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POP MUSIC

Drumming up business his own way

Starting a label gives Jack DeJohnette another outlet for his musically venturesome ways.

October 23, 2005|Don Heckman | Special to The Times

"RENAISSANCE man" may be an overused term, but it's the first thought that comes to mind while talking with drummer Jack DeJohnette, a musician whose skills and interests stretch easily across the gamut of contemporary music.

You may have seen him with Keith Jarrett and Gary Peacock, adding buoyant layers of percussive sound to their inventive cruises across the Great American Songbook. If you've listened to Miles Davis' classic "Bitches Brew," you've heard his drumming actively contributing to a set of performances that changed the face of contemporary jazz. Or you may have been fortunate enough to experience his transformative work with his own groups, Directions, New Directions and Special Edition.

The ever-adventurous DeJohnette, 63, embarked on yet another creative journey earlier this year when he launched his own independent record company -- named Golden Beams after a composition he wrote for his 1992 album "Earthwalk." Although he is following a path blazed by numerous jazz musicians, DeJohnette is characteristically doing so in his own fashion, with an initial release of three albums that might best be described as genre-resistant.

The first was "Music in the Key of Om," a transcendent tapestry of meditative sound using resonating bell tones and a flowing, vocal-like melody produced on an acoustic-sounding synthesizer.

It came about, says DeJohnette, because his wife, Lydia, wanted a tape that was grounded in relaxing sounds.

"So I went into a meditative stage, went to my studio here at the house and made the CD, using these acoustic resonating bells," says the drummer by phone from his home near Woodstock, N.Y.

"I played it for Lydia, she liked it, my family liked it, other people did and so we decided to put it out. Funny thing is it works for me too. When I'm on the road I put it on and fall asleep with it. It just puts me right out."

The second release from Golden Beams, "Music From the Hearts of the Masters," takes a very different tack. An intimate set of spontaneous duets by DeJohnette and Gambia's Foday Musa Suso, who plays the lyre-like kora, it combines cruise-control jazz rhythms with hypnotic African melodies to create an irresistible momentum.

"There are quite a few African kora players out there," says DeJohnette, "but Foday uses the instrument in a unique way, and he's not afraid to move it into more contemporary areas. We spent four days in the studio knocking grooves around, just drums and kora, and it came out pretty full, since Foday didn't hesitate to use electronic effects to fill things out. Funny thing is some of the reviews refer to him as a 'jazz kora' player -- which was a very pleasant surprise to him."

The just-released third album, "The Ripple Effect: Hybrids," takes DeJohnette's music into even more intriguing territory. Four of the tracks are enhanced and remixed versions of pieces from "Music From the Hearts of the Masters." Three feature eerie, atmospheric vocals from Brazilian singer Marlui Miranda, with multi-instrumentalist and frequent musical companion John Surman adding woodwind textures. Remixer Ben Surman (John's son and DeJohnette's son-in-law) pulls everything together in colorfully layered musical fashion.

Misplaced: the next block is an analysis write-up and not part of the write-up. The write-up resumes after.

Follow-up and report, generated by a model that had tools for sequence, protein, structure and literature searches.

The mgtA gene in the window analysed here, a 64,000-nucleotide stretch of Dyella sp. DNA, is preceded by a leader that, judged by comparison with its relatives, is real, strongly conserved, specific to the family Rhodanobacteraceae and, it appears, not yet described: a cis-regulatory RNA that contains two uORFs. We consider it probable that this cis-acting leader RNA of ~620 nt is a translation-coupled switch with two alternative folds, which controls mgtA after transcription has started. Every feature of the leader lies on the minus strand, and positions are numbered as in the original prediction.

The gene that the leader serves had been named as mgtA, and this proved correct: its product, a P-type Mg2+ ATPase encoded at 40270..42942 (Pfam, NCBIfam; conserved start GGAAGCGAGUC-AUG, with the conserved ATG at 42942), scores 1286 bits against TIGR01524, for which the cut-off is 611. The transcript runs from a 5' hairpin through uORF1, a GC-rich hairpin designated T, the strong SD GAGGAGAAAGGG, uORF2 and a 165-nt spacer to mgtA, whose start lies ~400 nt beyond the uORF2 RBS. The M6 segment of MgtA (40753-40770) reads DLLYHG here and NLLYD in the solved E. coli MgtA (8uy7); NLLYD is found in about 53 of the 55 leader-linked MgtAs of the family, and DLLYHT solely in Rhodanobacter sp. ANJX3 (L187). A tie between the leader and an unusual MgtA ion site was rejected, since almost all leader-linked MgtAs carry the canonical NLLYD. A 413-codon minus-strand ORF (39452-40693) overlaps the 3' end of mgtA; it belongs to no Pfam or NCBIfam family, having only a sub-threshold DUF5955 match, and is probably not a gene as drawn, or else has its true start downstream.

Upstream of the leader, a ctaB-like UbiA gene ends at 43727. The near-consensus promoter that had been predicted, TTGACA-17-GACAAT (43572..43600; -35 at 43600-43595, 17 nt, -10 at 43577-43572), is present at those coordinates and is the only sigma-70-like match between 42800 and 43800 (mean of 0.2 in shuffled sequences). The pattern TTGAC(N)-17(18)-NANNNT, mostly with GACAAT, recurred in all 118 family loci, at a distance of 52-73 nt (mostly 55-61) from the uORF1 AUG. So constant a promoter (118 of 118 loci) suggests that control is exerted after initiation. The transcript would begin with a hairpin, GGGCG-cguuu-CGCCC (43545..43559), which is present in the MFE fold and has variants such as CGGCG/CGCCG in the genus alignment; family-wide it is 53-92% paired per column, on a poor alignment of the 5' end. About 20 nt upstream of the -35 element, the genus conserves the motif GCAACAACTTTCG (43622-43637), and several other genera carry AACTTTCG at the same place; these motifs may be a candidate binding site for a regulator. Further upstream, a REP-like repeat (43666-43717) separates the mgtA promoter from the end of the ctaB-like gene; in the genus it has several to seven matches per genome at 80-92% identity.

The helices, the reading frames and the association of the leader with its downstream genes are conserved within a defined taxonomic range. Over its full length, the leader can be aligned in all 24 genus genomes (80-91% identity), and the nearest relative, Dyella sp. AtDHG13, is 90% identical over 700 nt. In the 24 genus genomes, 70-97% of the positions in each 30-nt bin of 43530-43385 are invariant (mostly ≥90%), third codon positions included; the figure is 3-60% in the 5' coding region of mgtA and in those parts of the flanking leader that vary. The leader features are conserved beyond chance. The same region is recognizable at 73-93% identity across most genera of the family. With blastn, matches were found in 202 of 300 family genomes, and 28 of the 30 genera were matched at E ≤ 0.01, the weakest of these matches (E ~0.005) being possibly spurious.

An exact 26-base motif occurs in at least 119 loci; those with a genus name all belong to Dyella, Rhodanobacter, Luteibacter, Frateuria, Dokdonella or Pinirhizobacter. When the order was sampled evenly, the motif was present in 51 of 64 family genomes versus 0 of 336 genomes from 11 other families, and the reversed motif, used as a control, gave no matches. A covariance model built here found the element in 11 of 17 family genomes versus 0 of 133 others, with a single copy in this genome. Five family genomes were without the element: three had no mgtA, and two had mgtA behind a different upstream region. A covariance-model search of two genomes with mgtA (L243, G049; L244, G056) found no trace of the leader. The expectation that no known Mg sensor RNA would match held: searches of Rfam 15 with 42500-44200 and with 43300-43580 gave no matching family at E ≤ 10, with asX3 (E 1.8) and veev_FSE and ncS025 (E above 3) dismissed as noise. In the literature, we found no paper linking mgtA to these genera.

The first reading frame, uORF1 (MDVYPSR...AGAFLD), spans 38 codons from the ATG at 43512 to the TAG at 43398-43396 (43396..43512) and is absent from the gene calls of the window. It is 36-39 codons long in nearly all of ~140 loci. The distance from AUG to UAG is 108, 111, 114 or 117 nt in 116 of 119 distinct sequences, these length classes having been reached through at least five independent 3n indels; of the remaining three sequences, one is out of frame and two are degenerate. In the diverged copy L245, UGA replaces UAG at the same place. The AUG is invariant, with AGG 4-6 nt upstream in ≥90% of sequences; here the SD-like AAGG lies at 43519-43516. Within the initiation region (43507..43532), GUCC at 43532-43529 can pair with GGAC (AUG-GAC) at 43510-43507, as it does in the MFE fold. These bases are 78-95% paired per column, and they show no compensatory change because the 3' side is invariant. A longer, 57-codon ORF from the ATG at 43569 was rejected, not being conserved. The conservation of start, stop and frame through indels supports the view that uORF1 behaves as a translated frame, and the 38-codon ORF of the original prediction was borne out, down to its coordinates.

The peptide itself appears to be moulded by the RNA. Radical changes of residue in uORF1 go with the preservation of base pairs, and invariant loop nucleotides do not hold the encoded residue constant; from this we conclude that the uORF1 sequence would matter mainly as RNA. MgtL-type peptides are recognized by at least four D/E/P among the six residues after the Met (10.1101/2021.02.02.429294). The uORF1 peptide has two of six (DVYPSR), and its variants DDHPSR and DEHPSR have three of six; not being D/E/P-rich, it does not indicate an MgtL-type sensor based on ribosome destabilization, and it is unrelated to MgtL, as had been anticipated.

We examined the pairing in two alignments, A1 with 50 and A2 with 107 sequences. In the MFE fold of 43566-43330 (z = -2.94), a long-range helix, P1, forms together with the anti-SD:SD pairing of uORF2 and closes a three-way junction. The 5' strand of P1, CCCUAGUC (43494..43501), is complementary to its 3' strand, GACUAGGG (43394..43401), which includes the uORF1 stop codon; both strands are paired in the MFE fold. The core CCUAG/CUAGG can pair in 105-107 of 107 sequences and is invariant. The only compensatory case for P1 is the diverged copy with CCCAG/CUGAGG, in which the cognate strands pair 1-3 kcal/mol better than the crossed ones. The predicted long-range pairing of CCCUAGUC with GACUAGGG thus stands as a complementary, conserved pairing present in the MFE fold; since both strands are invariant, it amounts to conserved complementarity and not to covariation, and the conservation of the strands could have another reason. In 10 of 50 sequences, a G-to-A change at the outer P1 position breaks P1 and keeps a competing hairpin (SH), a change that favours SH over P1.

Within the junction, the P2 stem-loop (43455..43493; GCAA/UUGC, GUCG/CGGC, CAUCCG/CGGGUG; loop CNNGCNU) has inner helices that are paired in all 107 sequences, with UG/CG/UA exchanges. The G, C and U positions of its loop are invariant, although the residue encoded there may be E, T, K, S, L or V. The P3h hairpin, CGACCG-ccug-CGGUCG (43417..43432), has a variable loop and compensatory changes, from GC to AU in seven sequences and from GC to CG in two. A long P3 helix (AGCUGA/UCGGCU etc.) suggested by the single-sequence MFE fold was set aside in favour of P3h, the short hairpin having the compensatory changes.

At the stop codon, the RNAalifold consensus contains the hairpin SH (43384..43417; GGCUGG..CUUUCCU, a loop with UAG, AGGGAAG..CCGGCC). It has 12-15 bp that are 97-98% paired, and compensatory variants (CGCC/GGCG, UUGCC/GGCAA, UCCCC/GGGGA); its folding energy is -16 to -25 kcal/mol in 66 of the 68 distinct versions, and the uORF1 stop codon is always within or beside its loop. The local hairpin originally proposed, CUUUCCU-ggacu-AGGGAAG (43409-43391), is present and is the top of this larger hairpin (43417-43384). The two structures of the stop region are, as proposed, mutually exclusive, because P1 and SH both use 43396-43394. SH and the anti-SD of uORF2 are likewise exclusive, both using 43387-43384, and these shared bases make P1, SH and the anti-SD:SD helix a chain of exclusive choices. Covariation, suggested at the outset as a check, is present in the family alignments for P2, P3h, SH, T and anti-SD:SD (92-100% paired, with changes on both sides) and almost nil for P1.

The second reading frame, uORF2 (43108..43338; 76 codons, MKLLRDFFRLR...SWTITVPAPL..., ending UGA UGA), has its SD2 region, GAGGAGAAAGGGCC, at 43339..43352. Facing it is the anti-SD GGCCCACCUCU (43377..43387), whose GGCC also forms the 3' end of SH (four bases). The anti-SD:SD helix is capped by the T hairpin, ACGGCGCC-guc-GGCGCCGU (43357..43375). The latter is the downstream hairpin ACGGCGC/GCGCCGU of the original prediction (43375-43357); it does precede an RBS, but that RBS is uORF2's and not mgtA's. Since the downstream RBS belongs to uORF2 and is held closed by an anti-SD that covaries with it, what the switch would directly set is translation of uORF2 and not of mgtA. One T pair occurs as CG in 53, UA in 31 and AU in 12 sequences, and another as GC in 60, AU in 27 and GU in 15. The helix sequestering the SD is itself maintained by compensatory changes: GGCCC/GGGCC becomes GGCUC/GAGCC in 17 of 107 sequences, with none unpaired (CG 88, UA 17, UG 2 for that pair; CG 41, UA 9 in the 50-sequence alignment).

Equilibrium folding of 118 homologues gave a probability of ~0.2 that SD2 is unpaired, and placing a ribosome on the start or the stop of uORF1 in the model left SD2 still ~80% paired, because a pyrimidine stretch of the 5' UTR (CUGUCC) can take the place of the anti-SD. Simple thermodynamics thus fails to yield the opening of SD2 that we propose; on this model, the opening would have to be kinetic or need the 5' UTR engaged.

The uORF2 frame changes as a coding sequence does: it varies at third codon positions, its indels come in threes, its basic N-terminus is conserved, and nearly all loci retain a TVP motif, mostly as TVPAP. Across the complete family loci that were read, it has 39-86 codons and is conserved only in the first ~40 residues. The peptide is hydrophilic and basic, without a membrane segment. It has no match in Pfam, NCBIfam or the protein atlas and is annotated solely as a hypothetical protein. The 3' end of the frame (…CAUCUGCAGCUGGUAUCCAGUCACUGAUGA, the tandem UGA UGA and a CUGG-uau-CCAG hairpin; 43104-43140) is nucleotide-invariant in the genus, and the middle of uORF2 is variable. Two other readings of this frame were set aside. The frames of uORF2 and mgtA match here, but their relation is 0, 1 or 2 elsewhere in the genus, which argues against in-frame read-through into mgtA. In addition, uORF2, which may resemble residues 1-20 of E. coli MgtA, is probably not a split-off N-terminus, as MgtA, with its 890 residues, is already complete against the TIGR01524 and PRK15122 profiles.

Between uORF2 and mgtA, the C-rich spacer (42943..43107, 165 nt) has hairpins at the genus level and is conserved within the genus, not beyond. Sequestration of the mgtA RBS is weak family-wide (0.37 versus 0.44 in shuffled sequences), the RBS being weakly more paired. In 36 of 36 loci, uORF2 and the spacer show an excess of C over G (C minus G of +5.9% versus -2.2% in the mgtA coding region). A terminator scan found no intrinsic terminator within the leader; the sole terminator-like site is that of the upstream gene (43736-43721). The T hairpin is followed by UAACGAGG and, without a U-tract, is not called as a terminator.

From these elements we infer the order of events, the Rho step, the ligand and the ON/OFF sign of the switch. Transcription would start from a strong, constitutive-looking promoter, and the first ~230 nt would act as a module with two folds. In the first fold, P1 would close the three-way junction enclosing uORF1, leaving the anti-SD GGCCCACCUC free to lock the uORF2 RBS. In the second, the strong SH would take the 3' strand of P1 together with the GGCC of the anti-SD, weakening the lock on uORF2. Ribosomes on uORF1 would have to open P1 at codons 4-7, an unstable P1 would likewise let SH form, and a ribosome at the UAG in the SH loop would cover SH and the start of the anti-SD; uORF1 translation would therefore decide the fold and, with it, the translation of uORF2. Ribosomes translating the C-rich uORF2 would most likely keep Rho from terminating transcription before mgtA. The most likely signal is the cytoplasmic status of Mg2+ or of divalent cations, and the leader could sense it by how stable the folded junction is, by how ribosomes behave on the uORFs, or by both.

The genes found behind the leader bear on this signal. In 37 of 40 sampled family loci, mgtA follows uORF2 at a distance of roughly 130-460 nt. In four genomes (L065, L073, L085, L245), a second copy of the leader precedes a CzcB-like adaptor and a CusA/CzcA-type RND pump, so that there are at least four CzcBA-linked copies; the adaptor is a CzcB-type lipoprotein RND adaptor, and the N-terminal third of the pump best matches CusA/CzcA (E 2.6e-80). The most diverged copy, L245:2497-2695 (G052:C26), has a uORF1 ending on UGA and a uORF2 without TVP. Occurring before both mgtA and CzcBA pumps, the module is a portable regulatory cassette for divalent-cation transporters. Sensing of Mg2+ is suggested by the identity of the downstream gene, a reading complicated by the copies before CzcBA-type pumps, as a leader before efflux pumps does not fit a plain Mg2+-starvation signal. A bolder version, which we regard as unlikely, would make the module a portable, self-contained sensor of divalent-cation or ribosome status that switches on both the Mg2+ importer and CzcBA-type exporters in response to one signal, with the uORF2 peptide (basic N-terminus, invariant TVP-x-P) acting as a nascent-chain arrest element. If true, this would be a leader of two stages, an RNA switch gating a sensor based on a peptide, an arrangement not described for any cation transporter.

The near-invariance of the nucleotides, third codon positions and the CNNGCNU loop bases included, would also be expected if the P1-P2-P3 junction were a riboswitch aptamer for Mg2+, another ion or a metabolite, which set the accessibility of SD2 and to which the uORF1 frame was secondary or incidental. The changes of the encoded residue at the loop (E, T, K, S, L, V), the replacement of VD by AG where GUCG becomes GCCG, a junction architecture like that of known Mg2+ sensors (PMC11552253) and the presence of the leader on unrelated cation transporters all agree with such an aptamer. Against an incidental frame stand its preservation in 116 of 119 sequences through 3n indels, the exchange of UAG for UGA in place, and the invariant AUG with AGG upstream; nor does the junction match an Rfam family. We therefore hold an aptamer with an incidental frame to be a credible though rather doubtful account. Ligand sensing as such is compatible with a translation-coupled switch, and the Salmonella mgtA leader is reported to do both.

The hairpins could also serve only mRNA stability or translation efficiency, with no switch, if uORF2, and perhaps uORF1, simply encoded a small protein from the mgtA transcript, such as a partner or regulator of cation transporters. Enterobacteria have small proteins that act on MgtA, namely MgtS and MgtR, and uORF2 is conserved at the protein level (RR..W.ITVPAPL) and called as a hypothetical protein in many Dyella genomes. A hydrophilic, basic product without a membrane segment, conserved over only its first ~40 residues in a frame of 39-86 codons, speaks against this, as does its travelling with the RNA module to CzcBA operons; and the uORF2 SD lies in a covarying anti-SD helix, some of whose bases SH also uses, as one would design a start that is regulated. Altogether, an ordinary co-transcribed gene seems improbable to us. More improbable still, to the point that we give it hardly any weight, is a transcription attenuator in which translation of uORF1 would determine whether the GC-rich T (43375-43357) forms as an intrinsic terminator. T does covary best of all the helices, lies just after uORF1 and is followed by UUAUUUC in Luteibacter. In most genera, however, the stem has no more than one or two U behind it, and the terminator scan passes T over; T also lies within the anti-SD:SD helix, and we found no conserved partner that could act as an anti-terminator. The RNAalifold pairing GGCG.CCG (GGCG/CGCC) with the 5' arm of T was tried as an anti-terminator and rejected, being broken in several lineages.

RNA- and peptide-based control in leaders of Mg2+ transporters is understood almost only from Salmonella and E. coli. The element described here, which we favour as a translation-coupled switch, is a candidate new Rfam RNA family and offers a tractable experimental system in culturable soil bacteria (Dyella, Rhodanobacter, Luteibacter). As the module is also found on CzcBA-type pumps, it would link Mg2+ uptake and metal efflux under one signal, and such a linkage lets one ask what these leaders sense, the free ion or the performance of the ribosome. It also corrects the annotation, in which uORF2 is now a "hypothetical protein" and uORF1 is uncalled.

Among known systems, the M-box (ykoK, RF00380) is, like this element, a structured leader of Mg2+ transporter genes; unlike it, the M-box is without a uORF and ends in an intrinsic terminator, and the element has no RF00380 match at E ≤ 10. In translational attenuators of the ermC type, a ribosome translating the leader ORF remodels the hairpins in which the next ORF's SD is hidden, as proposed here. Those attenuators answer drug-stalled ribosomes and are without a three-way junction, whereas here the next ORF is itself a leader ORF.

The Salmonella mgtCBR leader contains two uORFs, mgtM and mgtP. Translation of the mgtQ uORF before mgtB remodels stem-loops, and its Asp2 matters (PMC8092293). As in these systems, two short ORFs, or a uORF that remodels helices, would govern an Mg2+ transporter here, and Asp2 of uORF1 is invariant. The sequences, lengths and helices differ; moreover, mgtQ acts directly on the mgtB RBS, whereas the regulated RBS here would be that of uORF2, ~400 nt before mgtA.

"We called the CD 'Hybrid' to reflect the balance of acoustic and electronic elements," says DeJohnette. "I like to think of it as being accessible while also being creative in the way that jazz improvisation is. The loops keep going on while different surprises grab your ear as the atmosphere keeps shifting -- almost like cinematography."

A creative overview

THE sense of musical shifting is equally applicable to DeJohnette's future plans, both with and beyond his new record label. What he describes as his "Art of the Duo" series -- which began with the Foday Musa Suso CD -- will continue with recorded duets with Don Alias and Bill Frisell, and another "Music in the Key of Om" is already in the works.

Asked if that's not an ambitious program for a small label, DeJohnette simply laughs.

"Well, it's all my money, and we just try to get the most out of what we put into it," he says. "With the record business being what it is today, the idea of having my own creative control over the music that I put out feels like a pretty good idea."

And one that's consistent with DeJohnette's creative overview, an all-embracing perspective that has been a driving force in his career.

"I believe that jazz has always been a world music," he says. "But that's what music in general is. I've heard reggae in country music. There's a potpourri of the rich diversity of cultures that are available for musicians, if they take the time to listen to it.

"Even given that perspective, though, it's ultimately up to the creativity and the ability of the artist to tell a convincing story. Somebody once said that written music is crystallized sound which slows down so that you have to read it. But the way it was created, the way all music is created, was spontaneously done, in the moment. And that's the place that I hope my music -- no matter what style I'm working in -- comes from."

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